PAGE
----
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Tips for Going to the Beach When You Have Psoriasis

For people with psoriasis, going to the beach comes with a few risks, but also a few benefits.

Tips for Going to the Beach When You Have Psoriasis

Heading to the beach is a great way to unwind with friends, but for people living with psoriasis, a beach day comes with several considerations and challenges.

One challenge is the mental and emotional burden that often accompanies a chronic skin condition. Psoriasis causes skin lesions—most commonly, patches of dry, red, scaly skin (plaque psoriasis). As a result, many people with the condition may struggle with feelings of low confidence, low self-esteem, and insecurity about their bodies and appearance. For obvious reasons, these feelings may be more present or amplified in settings where people are wearing swimsuits or minimal clothing.

It’s also important to consider the potential psoriasis triggers that you may encounter during a day at the beach—sunburn, insect bites, irritation from sand, and even certain foods can trigger psoriasis symptoms and derail psoriasis management.

Here, we look at a few precautions that can help you protect your skin, as well as some of the potential benefits a day at the beach can have for your psoriasis management.

Check in with yourself beforehand
Psoriasis impacts different people in different ways at different times. How comfortable a person is feeling in their skin at a given time will depend on several factors, including how well psoriasis is controlled, how visible symptoms are, and how well they deal with things like inquisitive looks.

Before going to the beach, take a few moments to check in with yourself, what you are concerned about at the moment, and also what you are looking forward to. It is also worth mentioning that mental health should be a focus of treatment for psoriasis.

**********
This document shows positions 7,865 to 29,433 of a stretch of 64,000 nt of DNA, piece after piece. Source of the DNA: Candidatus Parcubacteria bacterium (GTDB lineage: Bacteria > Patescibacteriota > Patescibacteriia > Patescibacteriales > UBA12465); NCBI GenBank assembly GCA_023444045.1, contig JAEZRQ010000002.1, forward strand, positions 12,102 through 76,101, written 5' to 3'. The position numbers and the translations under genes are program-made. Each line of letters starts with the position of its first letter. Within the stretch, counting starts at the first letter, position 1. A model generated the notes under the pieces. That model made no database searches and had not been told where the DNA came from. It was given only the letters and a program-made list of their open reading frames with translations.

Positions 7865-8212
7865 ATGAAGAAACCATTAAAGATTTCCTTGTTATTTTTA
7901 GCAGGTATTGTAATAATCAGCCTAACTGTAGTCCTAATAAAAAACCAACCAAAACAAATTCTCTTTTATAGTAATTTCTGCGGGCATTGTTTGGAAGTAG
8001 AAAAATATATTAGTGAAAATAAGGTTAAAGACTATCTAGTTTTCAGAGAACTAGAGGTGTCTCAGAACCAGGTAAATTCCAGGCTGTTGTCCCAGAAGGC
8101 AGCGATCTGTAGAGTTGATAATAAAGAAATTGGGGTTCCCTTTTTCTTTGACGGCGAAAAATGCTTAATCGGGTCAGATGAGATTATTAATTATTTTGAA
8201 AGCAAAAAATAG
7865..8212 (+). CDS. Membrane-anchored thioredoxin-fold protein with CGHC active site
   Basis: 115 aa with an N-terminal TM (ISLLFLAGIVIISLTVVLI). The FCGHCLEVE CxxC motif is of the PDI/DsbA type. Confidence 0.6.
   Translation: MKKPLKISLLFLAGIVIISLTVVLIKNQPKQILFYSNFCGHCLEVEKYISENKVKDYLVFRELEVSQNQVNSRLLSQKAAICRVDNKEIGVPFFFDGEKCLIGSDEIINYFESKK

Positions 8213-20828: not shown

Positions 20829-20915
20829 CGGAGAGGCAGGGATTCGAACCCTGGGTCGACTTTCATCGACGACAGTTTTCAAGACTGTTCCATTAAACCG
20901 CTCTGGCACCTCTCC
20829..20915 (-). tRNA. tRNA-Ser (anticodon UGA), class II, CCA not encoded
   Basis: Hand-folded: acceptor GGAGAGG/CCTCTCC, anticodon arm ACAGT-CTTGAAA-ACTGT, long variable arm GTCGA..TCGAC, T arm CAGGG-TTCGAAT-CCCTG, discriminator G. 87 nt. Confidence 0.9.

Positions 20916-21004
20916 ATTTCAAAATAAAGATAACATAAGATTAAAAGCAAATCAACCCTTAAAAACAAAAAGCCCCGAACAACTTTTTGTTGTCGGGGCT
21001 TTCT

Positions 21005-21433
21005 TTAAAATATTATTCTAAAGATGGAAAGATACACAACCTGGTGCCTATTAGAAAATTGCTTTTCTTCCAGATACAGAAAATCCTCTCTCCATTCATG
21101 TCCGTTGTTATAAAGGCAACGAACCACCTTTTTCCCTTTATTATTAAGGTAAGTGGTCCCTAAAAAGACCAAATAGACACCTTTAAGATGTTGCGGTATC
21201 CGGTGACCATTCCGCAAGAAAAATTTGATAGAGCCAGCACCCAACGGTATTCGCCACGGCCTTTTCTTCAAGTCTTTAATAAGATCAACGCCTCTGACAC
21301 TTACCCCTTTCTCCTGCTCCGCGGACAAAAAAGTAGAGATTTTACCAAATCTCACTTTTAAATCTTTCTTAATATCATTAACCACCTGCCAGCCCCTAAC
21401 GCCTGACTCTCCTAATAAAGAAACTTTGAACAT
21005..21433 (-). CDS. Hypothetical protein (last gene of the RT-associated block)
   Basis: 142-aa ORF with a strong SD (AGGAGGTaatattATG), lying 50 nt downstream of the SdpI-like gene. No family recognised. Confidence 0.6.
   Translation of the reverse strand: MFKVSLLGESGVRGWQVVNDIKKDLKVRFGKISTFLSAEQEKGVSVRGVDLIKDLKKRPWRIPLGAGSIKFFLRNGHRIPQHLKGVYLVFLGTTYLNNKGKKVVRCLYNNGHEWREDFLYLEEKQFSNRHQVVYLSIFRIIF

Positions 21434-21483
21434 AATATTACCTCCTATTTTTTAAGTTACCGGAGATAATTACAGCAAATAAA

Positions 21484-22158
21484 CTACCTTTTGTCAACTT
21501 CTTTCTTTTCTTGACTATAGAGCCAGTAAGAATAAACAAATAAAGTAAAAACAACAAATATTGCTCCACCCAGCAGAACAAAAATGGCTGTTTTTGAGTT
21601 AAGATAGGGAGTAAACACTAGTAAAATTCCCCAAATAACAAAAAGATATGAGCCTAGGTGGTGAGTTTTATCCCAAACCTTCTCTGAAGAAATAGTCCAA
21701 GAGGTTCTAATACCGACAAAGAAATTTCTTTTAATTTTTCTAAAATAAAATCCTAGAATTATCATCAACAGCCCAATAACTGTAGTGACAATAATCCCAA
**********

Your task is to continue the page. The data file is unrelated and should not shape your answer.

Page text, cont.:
Check in with your support system
One of the most important things to realize about living with psoriasis—you do not have to live with it alone. Friends and family often form the foundation of a support system. Additionally, support groups offer an opportunity to connect with other people who have psoriasis. You may also consider inviting a close friend or a friend who also has psoriasis along with you to the beach.

Avoiding psoriasis triggers at the beach
As mentioned above, there are numerous psoriasis triggers that you may encounter at the beach. Preparing ahead of time helps you minimize the impact of things like sunburn, bug bites, irritating sand caught in a swimsuit, and other things that can exacerbate psoriasis symptoms. Here are the basics of what you should pack for a day at the beach:

  • Sunscreen. Look for a broad-spectrum sunscreen that is water resistant and has at least 30 SPF (sun protection factor). Since anything you put on your skin can impact psoriasis, consider sunscreen products that are intended for sensitive skin or that are made by brands that you have used before. Apply sunscreen before you arrive at the beach. Reapply every two hours and also after swimming.